Saturday, May 3, 2014

The Roads Income Tax Rate Continuation: Grand Rapids Taxpayers Association vs. Fix Our Roads GR

The Grand Rapids Tax Association is really fighting back against the proposed income tax rate continuation for the repair of roads to be voted on next Tuesday, May 6. Fix Our Roads GR is hoping for a yes vote which would extend the temporary income tax increase the voters previously allowed and allocate the funds for street repairs.

If you live in Grand Rapids, it should be obvious to you that our roads are in bad to terrible condition and that driving on them means an eventual auto repair shop visit and perhaps even an accident. Drivers swerve to avoid the potholes everywhere, and no matter how often these potholes are filled, every year they come back. At this point they are in such bad shape we would need to rebuild many of them from the roadbed up, not simply patch them. The condition of the roads is not in dispute; the question is, what should be done about them, who should do it, and why has this problem gone unaddressed until now?

I talked to both Michael Farage, of the GRTA, and Ed Kettle of FORGR on Friday about their points of view. Farage and his organization feel strongly that the taxpayers have already paid for high quality roads, but the money has been mismanaged and funneled to other city needs, leaving the roads neglected. Farage looks at the long history of request for money from Grand Rapids citizens via millages or income tax increases as a sign of a city never satisfied, a city government that never will never have enough tax revenue. The issue for the GRTA is the trustworthiness of the government: will it use the monies the income tax continuation generates to fix the roads? Is it accountable for the funds we give them and have given them? Will the money ever be enough for them? And does this have anything to do with the city's pension obligations and all the money that will need to be paid out to pensioners in the next fifteen years?

Farage also looks at the list of donors to Fix Our Roads and sees groups of people who stand to benefit directly from the rebuilding of the roads: engineers, construction companies, city hall employees. He does not believe that the city will use a closed bid process when contracting for these repairs. Closed bids do nothing to prevent waste and kickbacks.

Ed Kettle of FORGR believes that the city has been very responsible with the income they've taken in from taxpayers. The reason for the state of the roads is not due to irresponsibility, corruption, or an insatiable desire for funds. The situation is complex, he says, and largely due to factors outside of the city's control. The long decline of the auto industry, the offshoring of industrial jobs, and economic collapse of 2008 created a tax revenue vacuum. The state, starved for money, discontinued all revenue sharing not legally required. Michigan cities depended on that income sharing to repair their roads. Without it, and minus property tax revenues due to falling real estate prices, they had nothing to work with.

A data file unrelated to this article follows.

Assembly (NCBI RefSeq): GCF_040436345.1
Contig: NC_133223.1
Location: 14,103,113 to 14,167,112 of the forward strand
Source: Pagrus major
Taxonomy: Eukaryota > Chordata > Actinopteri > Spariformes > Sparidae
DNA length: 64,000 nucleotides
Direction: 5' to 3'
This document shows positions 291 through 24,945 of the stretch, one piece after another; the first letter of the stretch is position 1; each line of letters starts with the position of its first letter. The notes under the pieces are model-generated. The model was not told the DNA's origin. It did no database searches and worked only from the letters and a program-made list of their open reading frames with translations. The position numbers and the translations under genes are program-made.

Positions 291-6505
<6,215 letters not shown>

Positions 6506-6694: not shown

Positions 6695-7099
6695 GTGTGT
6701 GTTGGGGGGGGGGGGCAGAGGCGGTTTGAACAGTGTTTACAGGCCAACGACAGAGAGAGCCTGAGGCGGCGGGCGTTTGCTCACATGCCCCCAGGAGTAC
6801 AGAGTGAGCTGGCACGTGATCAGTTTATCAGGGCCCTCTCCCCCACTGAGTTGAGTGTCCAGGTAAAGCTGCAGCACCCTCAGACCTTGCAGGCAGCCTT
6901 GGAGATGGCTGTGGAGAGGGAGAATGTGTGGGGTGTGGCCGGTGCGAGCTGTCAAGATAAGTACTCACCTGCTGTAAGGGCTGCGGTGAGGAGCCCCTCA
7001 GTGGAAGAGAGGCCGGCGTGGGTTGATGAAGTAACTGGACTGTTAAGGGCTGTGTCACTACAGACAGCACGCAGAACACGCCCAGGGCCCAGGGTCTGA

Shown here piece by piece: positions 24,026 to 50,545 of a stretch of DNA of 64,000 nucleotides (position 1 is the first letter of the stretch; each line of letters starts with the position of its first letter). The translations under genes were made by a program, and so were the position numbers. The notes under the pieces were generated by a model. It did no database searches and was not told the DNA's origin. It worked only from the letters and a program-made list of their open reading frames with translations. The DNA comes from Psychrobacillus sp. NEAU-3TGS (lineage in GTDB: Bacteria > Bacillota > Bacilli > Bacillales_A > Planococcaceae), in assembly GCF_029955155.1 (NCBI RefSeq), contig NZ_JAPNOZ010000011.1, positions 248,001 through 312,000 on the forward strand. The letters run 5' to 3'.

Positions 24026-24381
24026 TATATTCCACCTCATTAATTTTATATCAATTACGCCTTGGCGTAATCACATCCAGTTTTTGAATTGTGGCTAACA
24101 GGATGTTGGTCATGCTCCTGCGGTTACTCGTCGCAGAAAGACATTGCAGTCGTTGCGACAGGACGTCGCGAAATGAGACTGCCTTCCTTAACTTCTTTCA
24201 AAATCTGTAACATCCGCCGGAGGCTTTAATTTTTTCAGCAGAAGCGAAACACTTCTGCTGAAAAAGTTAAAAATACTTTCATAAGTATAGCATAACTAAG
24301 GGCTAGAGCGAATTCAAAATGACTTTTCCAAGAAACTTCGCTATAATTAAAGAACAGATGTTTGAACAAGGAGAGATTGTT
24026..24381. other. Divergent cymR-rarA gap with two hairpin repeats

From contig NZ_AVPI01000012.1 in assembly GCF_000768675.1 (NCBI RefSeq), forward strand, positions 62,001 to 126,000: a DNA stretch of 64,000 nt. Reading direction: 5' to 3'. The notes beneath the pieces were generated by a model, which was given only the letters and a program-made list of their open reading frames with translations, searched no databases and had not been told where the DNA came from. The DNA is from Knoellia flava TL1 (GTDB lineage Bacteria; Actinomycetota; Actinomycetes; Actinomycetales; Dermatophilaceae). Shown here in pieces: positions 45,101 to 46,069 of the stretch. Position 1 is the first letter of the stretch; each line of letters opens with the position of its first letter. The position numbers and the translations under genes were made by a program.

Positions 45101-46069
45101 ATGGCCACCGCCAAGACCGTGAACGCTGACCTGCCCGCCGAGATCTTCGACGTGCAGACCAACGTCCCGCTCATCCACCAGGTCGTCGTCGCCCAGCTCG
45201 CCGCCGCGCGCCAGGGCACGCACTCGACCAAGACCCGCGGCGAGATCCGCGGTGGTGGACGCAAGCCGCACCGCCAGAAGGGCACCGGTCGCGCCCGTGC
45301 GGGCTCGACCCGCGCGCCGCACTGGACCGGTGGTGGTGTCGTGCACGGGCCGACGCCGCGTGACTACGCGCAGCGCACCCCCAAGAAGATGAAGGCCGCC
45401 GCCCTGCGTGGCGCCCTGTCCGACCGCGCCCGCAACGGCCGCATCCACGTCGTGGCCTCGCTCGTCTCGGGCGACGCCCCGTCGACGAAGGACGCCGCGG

Kettle says Michigan is in recovery, but the damage has been done. The city must have more money to address the problem, and after much study a group of citizens and experts recommended that the best and most fair way to create those funds would be a continuation of the income tax the votes previously authorized. These funds will be put into a dedicated and restricted fun, a lock box of sorts, over the next fifteen years and will generate enough income to do the work that needs to be done in a methodical way. He has no qualms about the "connections" of the donors to FORGR - they are citizens too - but does question why Americans for Prosperity is giving money to the GRTA.

Ultimately, it is up to us, the taxpayers to decide who is trustworthy and responsible with the money we do or do not give them. As a city resident I have my own questions. This is yet another ballot proposal in a long line of ballot proposals including ones for The Rapid (Spring 2011), Grand Rapids Public Schools (Fall 2011), GRCC (2012), and the city's parks (2013). This election is being held in May, obviously because voter turnout will be lower and the group who sponsored this initiative can count on mobilizing its supporters and not meeting as much opposition resistance from taxpayers who would be in the ballot box in August or November voting on other issues.

Property taxes are already noticeably higher for Grand Rapids taxpayers. Our elites and city boosters might want to make our hometown more attractive to knowledge workers and the creative class, but many of the rest of us have experienced the economic downturn personally and either struggle or can't afford to pay higher taxes.

Is there another way for us to fix our roads, then, or is authorizing the city via our tax dollars the best way to go about it? You can help make the decision by voting on Tuesday.